- The good: over-the-top in-your-face glitter glam in the name of peace, love, and understanding
- The bad: minimal science fiction ideas
- The literary: a decent imitation of The Hitchhikers’ Guide to the Galaxy humor
Mankind finally makes first contact and finds a galaxy full of a variety of intelligent space-faring species. Instead of diplomats, one-hit-wonder London band Decibel Jones and the Absolute Zeroes, known for inventing the the entire electro-funk glamgrind genre, are chosen to represent Earth in the Metagalactic Grand Prix. As long as they don’t get last place in the talent show extravaganza, humanity won’t be obliterated.
This book is absurd and it knows it. It’s mostly and overwhelmingly big and bold, lipstick and electric guitar solos, but it’s also fragile and tender, facing overwhelming odds and the extinction of the human species, which comes through at little in the third act. Get used to the outlandish nonsensical comedy, because that’s what makes this book. There’s a lot of types of humor that gets thrown around, and I have to admit to chuckling aloud on multiple occasions. That said, I glossed over even more.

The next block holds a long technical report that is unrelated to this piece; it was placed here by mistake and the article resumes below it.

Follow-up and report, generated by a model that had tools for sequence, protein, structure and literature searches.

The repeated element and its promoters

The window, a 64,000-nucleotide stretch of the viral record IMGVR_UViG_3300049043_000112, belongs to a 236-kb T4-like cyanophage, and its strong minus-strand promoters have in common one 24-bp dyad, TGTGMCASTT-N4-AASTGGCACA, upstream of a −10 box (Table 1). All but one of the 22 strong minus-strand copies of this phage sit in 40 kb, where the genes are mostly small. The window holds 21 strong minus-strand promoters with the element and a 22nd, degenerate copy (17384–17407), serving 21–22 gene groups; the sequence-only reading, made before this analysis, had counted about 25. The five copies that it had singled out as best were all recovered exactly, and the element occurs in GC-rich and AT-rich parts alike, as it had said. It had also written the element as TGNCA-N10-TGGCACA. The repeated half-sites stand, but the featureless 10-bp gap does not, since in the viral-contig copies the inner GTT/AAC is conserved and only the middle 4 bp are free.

You’ll need to suspend your disbelief for this story. A lot. You have to let it go. It’s not science fiction so much as an homage to 70’s and 80’s rock big-hair rock music and its after parties. Be ready for endless pop-culture references à la Ready Player One, with less video games and more Spinal Tap.
There’s a little message in there too. Life is beautiful and life is stupid, so be nice to each other. Don’t be an asshole. Embrace art. Reject sexism, racism and transphobia. (As a side note, I find it quite west-centric to have a washed-out English band chosen to represent the human species. If the aliens wanted blingy and weird, they could have picked Grimes or BTS.)
Unfortunately, the characters, plot, scifi ideas suffer at the expense of the humor.
Life is the ultimate narcissist, and it loves nothing more than showing off. Give it the jankiest glob of fungus on the tiniest flake of dried comet-vomit wheeling drunkenly around the most underachieving star in the middle of the most depressing urban blight the cosmos has to offer, and in a few billion years, give or take, you’ll have a teeming society of telekinetic mushroom people worshipping the Great Chanterelle and zipping around their local points of interest in the tastiest of lightly browned rocket ships.